Injection Laryngoplasty for type 1 laryngeal cleft is done with first identifying the deep cleft by palpation of the interarytenoid notch. Once a confirmation is made the larynx is suspended with a laryngoscope. Radiesse voice gel is then primed in a laryngeal needle and the needle is placed at the apex of the cleft. The needle is then pushed to palpate the cricoid cartilage with the bevel of the needle pointing towards the esophageal surface. The needle is then slightly retracted and about 0.2 ml of voice gel is injected. Care is taken not to make multiple punctures and the subglottisis watched so that the injection does not inadvertently go into subglottis.
– See more at: http://www.csurgeries.com/video/injection-laryngoplasty-for-type-1-laryngeal-cleft/g5r116zy3n#sthash.GU7etNTQ.dpuf
Cohen MS, Zhuang L, Simons JP, Chi DH, Maguire Rc, Mehta DK. (2011). Injection laryngoplasty for type 1 laryngeal cleft in children. Otolaryngol Head Neck Surg.May;144(5):789-93. Doi: 10.1177/0194599810395082.
Injection laryngoplasty was found to have favorable results in this group of patients with LC-1. Most patients experienced complete resolution of aspiration on MBS, and no patients experienced complications. These findings support the further study of injection laryngoplasty for LC-1 as both a diagnostic and therapeutic technique.
Chiang T, McConnell B, Ruiz AG, DeBoer EM, Prager JD. (2014). Surgical management of type I and II laryngeal cleft in the pediatric population. Int J Pediatri Otorhinolaryngol. Dec;78(12):2244-9. doi: 10.1016/j.ijporl.2014.10.023. Epub 2014 Oct 25.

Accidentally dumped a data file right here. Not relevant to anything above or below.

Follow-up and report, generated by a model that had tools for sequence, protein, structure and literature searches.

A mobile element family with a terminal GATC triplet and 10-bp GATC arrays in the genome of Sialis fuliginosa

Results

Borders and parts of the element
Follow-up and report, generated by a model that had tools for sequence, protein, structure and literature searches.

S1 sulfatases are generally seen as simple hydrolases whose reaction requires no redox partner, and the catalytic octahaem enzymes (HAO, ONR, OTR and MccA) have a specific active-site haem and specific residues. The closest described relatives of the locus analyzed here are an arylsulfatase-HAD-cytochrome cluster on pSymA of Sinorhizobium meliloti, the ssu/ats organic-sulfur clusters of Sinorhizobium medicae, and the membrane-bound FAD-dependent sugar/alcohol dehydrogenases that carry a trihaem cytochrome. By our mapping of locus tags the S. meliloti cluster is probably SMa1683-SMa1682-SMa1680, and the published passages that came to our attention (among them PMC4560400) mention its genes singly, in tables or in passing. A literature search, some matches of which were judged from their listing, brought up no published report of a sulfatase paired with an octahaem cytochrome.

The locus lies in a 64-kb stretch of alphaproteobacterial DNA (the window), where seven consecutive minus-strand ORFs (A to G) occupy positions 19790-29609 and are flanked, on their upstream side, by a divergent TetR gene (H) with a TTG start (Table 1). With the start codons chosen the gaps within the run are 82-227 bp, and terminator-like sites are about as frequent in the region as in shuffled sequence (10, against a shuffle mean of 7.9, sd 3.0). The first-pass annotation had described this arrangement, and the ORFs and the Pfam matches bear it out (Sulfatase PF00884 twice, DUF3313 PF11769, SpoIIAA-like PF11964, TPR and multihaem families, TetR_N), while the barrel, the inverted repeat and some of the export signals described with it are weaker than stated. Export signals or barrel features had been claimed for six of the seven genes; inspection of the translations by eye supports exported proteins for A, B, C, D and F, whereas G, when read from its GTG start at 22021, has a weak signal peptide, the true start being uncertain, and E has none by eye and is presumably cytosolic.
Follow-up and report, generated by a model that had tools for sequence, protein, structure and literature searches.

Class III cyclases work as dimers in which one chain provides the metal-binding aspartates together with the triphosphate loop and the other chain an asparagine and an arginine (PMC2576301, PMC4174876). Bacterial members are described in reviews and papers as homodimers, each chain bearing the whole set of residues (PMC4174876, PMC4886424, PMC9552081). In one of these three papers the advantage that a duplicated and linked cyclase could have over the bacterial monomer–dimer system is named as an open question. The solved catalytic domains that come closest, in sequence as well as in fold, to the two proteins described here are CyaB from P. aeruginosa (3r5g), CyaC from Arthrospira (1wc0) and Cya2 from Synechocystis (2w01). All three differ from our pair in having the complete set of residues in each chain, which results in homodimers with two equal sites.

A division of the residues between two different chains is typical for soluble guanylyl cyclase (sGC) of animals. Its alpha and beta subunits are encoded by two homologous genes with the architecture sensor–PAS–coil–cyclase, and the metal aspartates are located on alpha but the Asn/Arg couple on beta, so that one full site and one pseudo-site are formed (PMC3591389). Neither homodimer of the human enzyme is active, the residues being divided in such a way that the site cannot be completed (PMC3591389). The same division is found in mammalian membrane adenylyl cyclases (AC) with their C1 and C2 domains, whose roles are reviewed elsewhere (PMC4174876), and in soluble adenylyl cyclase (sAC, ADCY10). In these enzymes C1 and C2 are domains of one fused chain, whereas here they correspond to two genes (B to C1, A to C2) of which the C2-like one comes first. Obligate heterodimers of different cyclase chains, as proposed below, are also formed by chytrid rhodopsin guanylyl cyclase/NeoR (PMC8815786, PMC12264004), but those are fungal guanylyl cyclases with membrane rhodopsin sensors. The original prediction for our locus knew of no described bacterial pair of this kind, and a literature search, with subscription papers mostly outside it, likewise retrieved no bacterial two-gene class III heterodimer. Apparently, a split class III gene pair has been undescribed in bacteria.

Twenty patients with LC-1 and 5 with LC-2 were included. Most common presentations were aspiration on modified barium swallow (MBS) (76%) and recurrent pulmonary infections (60%). Gastroesophageal reflux disease (GERD) was a concurrent co-morbidity in 68%. Of the 19 patients who presented with preoperative aspiration on MBS, 52.6% had evidence of improvement on their first MBS. This improved to 78.9% at the time of their most recent MBS (10 with resolution of aspiration, 5 with improved tolerance of consistencies). Two patients failed to improve from surgical repair and two had worsened aspiration on most recent MBS. Given the multidimensional nature of swallowing disorders and aspiration, a comprehensive team approach in the evaluation, management, and surveillance of these patients is a valuable complement to surgical repair since not all aspiration may resolve.
Alexander NS., Liu JZ., Bhushan B., Holinger LD., Schroeder JW Jr. (2015) Postoperative observation of children after endoscopic type 1 posterior laryngeal cleft repair. Otolaryngol Head Neck Surg. Jan;152(1):153-8. doi: 10.1177/0194599814556068. Epub 2014 Nov 5.